Fostering racial literacy
Talking about race is not easy – and can even be a painful experience, but not talking about it leaves our children to learn how to manage challenging experiences on their own.
Here are a few suggestions for how parents can empower kids by supporting a healthy development of what experts today call racial literacy: the ability to read, recast, and resolve racially stressful encounters in ways that promote healing over replicating patterns of silence, hurt, and harm.
Be vulnerable and promote awareness with intergenerational dialogue. So often in an effort to shield our children from hurt and harm, race talks become lectures where adults take on the pressure of “having all the answers.” Engage kids in a more dynamic dialogue by allowing them to see that racial encounters can be difficult for you to navigate as well. Resist avoidance or denial of your own emotional response in order to model for them how they can share their own experiences. Be honest when you feel hurt, confused, or stressed. And remember, not all questions have satisfying answers. Allow kids to ask what comes naturally. Don’t yield to the pressure of carrying all of the wisdom we are told that age and experience provides. It limits our children’s growth in encountering and navigating racial moments.
Practice mindful stress management. Racial stress is a product of in-the-moment racial encounters or conflict. Often unacknowledged, such stress creates mental and bodily responses, that when accumulated over time, results in negative health effects. Talk about racial stress when conflicts arise as a step for processing emotions through storytelling to manage encounters as they occur and minimize cumulative impacts.
Develop cultural and historical awareness across lines of difference. Seek out opportunities in your own neighborhood or take advantage of our proximity to the rich heritage and events that happen in Philadelphia. For instance, the African American Museum and the Jewish History Museum are among many sites that offer regular programing and present an opportunity to talk about the lived experiences of heritage communities. Another simple place to start is with podcasts. Modern conversations about these experiences and this history are created every day.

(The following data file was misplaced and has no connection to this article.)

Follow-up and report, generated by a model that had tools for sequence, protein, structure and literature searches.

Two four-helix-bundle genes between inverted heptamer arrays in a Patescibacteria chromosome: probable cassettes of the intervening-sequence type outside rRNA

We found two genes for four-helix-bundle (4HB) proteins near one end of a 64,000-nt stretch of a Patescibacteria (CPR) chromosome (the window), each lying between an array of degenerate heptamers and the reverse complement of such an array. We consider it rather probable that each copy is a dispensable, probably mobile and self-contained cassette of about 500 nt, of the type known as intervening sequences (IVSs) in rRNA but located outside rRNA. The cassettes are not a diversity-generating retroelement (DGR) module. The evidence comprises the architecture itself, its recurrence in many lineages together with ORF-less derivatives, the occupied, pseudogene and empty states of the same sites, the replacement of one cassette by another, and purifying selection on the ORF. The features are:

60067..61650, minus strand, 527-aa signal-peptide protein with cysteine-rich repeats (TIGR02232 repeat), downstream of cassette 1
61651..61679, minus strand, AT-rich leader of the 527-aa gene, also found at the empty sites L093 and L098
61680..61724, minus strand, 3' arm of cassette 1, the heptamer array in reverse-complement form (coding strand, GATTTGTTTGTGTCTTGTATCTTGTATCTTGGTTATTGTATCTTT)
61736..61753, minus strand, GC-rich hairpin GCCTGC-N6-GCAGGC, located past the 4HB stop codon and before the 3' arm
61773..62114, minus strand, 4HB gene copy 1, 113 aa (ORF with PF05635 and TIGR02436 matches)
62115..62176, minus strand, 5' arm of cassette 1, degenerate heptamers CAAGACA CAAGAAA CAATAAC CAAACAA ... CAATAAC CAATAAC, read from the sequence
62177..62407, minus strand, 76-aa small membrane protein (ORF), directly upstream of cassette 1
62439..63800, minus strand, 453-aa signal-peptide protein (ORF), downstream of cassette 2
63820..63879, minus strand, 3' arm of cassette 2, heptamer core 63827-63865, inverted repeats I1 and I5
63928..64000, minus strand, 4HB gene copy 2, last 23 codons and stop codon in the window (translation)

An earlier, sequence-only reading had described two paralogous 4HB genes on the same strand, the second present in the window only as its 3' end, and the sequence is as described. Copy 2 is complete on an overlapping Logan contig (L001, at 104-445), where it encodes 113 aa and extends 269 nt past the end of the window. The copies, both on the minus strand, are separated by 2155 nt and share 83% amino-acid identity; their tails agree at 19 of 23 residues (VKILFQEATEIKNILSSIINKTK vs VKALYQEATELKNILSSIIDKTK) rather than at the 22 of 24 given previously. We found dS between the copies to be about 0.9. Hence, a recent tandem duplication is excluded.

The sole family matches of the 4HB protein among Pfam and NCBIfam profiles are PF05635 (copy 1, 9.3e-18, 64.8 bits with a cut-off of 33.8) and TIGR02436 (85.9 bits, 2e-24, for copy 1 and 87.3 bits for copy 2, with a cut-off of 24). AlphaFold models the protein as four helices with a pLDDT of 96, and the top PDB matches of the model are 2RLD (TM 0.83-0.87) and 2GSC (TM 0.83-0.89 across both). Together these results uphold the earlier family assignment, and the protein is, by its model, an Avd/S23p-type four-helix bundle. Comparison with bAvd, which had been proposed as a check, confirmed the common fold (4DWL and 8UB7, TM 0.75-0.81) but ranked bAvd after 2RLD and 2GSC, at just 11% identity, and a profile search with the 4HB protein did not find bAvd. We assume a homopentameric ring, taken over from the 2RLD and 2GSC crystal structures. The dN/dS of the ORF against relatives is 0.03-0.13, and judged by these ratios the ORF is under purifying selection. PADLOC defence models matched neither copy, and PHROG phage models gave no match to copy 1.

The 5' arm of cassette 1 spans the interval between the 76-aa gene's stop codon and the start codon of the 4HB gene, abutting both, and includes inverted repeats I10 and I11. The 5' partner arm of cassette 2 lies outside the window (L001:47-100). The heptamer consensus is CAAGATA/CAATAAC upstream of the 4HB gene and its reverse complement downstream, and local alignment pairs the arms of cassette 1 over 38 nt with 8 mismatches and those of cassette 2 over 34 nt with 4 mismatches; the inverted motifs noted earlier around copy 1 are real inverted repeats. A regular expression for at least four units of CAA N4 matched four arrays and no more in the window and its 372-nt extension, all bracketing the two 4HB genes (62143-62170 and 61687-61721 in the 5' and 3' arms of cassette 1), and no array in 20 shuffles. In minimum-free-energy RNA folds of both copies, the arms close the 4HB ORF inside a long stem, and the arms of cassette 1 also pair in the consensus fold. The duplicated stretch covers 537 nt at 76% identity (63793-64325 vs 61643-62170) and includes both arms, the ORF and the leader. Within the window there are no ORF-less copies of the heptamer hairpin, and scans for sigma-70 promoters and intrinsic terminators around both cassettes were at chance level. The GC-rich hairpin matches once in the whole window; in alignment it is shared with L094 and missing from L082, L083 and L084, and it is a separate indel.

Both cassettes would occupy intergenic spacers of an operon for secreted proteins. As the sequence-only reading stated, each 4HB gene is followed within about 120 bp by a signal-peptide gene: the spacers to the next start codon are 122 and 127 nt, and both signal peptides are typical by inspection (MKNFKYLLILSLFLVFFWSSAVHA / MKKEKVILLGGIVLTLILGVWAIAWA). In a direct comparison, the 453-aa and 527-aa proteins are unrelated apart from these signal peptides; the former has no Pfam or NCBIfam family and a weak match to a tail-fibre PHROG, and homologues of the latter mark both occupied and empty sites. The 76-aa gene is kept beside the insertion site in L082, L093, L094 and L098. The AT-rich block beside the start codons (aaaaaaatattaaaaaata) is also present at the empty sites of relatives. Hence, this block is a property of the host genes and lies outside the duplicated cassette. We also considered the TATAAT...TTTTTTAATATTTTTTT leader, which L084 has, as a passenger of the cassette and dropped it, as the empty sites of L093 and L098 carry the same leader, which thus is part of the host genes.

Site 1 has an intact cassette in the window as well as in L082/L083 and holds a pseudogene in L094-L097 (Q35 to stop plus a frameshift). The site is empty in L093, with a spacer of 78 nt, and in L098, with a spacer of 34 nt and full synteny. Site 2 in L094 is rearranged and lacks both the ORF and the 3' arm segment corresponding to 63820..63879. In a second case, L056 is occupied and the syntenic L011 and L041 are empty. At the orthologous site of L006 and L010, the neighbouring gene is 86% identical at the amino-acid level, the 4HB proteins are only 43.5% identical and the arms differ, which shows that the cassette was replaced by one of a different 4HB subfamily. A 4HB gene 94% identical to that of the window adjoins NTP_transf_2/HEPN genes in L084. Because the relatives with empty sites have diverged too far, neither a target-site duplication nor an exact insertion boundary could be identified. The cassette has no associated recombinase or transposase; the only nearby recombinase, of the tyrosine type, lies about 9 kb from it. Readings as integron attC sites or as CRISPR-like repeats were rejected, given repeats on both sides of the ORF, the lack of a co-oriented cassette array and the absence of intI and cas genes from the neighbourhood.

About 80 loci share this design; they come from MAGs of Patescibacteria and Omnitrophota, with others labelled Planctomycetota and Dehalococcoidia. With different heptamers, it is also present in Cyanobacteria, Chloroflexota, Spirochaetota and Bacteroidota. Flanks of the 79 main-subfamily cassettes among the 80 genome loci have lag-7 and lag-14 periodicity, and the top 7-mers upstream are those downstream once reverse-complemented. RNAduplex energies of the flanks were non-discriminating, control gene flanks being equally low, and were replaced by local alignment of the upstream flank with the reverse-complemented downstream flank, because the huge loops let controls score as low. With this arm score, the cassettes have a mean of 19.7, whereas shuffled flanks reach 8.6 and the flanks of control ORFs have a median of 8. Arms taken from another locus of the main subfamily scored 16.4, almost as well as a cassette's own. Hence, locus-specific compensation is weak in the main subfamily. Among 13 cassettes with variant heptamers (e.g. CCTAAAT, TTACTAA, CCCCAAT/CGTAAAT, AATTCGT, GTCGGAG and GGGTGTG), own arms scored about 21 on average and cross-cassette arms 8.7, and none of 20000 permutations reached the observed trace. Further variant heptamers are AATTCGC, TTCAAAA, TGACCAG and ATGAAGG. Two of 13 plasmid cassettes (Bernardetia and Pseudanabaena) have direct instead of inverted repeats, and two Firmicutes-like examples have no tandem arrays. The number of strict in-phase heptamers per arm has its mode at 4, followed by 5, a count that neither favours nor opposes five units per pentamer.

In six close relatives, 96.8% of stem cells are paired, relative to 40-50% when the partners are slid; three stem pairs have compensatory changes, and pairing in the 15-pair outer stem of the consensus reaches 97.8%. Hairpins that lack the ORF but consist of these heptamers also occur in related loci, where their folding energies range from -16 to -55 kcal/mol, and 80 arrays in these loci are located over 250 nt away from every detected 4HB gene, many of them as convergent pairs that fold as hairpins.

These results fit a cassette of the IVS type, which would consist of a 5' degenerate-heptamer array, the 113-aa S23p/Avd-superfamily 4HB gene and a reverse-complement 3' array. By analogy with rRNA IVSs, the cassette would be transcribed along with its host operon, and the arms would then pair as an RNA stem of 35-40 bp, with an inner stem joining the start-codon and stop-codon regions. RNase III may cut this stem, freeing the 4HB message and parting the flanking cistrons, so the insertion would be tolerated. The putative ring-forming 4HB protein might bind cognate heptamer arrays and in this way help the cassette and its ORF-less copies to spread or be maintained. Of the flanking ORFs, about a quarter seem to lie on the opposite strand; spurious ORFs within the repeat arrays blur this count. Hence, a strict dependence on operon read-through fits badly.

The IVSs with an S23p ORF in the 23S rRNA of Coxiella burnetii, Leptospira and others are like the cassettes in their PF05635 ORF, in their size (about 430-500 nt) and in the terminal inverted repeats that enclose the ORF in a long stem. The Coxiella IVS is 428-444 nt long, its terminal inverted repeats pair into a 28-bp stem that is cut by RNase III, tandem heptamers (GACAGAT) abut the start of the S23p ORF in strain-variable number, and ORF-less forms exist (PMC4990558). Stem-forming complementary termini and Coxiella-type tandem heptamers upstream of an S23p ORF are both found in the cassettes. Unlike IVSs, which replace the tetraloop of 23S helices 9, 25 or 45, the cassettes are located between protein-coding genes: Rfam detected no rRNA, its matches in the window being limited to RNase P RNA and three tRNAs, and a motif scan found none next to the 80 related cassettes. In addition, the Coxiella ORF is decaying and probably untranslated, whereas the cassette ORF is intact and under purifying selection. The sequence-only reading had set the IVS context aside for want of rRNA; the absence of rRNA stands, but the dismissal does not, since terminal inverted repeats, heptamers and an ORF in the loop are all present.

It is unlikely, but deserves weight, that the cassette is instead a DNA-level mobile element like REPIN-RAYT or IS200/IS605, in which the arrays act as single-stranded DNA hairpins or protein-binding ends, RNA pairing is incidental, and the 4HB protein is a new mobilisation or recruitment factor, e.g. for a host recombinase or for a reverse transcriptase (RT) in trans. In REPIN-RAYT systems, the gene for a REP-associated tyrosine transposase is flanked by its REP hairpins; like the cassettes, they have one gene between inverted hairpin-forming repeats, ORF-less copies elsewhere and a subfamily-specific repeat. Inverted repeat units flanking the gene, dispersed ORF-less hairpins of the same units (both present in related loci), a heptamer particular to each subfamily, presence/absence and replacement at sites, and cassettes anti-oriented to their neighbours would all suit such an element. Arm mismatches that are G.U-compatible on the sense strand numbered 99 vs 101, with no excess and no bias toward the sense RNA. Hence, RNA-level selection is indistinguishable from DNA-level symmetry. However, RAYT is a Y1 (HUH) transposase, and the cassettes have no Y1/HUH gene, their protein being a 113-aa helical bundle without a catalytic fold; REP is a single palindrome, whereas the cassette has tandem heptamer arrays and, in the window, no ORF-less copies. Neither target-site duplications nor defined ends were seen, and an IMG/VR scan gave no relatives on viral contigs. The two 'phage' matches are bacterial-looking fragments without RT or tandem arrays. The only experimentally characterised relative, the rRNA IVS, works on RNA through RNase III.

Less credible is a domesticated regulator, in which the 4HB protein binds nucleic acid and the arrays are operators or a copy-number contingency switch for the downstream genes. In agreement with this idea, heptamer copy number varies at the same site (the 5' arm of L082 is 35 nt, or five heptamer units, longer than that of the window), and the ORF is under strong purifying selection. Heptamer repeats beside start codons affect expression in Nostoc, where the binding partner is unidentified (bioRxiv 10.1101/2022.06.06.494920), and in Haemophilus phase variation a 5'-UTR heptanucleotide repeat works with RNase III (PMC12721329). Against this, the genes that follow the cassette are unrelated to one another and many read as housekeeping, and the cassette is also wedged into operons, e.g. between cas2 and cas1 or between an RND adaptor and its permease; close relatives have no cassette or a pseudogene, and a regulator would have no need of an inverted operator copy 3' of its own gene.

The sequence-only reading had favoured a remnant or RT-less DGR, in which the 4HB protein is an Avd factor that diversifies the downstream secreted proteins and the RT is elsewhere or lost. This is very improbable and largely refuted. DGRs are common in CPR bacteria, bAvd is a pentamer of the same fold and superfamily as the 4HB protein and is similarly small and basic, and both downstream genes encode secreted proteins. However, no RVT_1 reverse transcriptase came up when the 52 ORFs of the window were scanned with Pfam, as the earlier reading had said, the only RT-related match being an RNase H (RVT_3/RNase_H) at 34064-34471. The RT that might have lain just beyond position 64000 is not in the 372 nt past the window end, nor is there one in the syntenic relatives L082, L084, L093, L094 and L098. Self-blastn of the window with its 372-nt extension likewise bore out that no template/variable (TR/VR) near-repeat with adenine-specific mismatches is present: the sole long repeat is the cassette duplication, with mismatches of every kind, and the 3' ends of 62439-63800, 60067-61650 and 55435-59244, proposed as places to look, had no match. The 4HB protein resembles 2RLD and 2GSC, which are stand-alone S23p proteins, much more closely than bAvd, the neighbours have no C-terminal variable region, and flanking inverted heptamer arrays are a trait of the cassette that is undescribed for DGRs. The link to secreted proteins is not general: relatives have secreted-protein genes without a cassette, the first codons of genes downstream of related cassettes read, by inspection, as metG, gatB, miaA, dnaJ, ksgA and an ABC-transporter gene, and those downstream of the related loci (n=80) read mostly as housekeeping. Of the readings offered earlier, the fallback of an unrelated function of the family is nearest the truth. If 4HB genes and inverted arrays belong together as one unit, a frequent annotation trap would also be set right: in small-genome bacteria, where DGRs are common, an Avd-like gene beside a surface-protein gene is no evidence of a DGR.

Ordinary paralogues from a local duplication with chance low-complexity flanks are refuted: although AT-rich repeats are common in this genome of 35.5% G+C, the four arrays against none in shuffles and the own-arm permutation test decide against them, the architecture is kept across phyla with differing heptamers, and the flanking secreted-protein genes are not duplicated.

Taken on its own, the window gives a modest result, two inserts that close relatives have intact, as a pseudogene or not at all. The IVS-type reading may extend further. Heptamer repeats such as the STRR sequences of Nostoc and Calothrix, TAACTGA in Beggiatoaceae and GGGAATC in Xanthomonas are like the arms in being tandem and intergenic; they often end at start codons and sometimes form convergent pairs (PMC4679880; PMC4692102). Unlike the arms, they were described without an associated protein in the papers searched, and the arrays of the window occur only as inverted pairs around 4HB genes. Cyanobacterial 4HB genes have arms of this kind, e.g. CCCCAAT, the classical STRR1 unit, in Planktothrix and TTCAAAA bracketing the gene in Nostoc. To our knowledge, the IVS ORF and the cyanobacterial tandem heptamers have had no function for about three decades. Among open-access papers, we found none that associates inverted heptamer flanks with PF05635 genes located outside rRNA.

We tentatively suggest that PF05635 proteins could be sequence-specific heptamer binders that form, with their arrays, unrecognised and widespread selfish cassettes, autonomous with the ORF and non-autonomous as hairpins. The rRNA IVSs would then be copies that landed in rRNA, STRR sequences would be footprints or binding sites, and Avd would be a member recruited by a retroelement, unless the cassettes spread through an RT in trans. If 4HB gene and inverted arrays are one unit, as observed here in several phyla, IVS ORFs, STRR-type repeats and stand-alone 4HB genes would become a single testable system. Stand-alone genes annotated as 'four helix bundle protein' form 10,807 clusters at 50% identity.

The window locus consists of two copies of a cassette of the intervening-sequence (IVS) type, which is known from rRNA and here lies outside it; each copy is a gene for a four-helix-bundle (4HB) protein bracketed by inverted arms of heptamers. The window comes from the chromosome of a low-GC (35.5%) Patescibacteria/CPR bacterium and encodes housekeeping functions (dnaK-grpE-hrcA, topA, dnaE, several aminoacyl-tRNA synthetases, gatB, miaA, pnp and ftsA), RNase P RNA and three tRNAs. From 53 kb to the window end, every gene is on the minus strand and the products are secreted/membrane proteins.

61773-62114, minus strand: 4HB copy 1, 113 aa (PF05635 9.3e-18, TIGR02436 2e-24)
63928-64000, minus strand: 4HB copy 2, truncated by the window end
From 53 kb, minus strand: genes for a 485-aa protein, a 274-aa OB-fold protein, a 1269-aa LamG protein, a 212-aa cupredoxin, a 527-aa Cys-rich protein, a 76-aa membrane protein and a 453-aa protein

Inclusion lessens the pressure for competing interests, experiences, or realities to battle for dominance. More than a celebration of the kinds of difference represented in our community, inclusivity demands that together, we cultivate a community that represents us all. Preparing boys for life requires that we actively practice such methods of social empowerment and engagement. Brendon Jobs, Director of Diversity and Inclusion
Have a Both/And Perspective
Adopt a “Both/And” over the traditional “Either/Or” orientation. Binaries can promote and prolong conflict by suggesting a “right and wrong,” where social realities actually prove to be more complex. Fluidity in social negotiation, or adopting a “Both/And” perspective for reading racial encounters equips kids to practice imagining that many possibilities can exist at once - without denying their lived experience. Unresolved conflicts, or the worsening of conflicts, happen when we are unable to imagine the perspective of the “other.” This challenges us to get better at naming our own perspectives while also fully allowing for other realities to exist.